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Showing posts from March, 2011

Jolokia + Highcharts = JMX for human beings

Java Management Extensions ( JMX ) is a well established, but not widespread technology allowing to monitor and manage every JVM. It provides tons of useful information, like CPU, thread and memory monitoring. Also every application can register its own metrics and operations in so called MBeanServer . Several libraries take advantage of JMX: Hibernate , EhCache and Logback and servers like Tomcat or Mule ESB , to name a few. This way one can monitor ORM performance, HTTP worker threads utilization, but also change logging levels, flush caches, etc. If you are creating your own library or container, JMX is a standard for monitoring, so please don't reinvent a wheel. Also Spring has a wonderful support for JMX . If this standard is so wonderful, why aren't we using it all day long? Well, history of JMX reaches the dark ages of J2EE. Although the specification isn't that complicated, there are at least two disadvantages of JMX effectively discouraging people from using it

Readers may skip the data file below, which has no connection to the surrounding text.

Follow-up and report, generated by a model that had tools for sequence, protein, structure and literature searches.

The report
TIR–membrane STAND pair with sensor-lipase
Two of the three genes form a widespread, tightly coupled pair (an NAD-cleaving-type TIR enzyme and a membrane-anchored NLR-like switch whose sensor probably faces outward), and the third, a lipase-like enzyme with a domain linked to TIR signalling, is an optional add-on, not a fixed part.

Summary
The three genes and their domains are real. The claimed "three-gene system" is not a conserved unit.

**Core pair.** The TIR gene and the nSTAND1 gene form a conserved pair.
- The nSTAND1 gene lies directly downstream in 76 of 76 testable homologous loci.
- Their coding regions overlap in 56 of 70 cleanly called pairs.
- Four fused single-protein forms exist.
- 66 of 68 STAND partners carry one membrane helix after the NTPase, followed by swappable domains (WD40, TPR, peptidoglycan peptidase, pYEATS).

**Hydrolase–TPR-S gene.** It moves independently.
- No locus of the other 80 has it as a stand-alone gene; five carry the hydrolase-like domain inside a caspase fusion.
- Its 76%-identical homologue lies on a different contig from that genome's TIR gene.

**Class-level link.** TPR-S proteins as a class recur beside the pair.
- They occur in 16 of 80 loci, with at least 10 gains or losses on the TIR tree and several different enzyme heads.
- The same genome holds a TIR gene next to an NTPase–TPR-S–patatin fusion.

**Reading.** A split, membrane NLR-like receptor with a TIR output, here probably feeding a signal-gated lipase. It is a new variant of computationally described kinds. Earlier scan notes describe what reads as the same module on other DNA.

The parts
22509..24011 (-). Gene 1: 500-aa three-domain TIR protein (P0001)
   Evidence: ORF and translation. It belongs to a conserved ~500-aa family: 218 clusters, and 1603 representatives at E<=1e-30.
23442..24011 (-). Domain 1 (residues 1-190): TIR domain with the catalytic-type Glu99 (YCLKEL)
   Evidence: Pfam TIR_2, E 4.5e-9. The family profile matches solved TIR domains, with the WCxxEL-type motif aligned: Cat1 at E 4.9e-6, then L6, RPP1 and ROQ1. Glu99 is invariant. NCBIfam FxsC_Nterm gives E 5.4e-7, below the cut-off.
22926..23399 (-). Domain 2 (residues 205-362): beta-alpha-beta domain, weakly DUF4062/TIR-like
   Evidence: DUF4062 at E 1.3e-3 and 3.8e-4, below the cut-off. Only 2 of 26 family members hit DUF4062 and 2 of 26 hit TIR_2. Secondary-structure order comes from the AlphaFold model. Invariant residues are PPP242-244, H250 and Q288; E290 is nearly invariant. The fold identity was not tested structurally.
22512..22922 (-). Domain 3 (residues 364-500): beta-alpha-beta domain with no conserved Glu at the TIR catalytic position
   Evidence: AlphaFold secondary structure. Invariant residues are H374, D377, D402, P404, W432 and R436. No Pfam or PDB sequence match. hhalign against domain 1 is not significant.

Tenfold increase in server throughput with Servlet 3.0 asynchronous processing

It is not a secret that Java servlet containers aren't particularly suited for handling large amount of concurrent users. Commonly established thread-per-request model effectively limits the number of concurrent connections to the number of concurrently running threads JVM can handle. And because every new thread introduces significant increase of memory footprint and CPU utilization (context switches), handling more than 100-200 concurrent connections seems like a ridiculous idea in Java. At least it was in pre-Servlet 3.0 era. In this article we will write scalable and robust file download server with throttled speed limit. Second version, leveraging Servlet 3.0 asynchronous processing feature, will be able to handle ten times bigger load using even less threads . No additional hardware required, just few wise design decisions. Token bucket algorithm Building a file download servers we have to consciously manage are our resources, especially network bandwidth. We don't w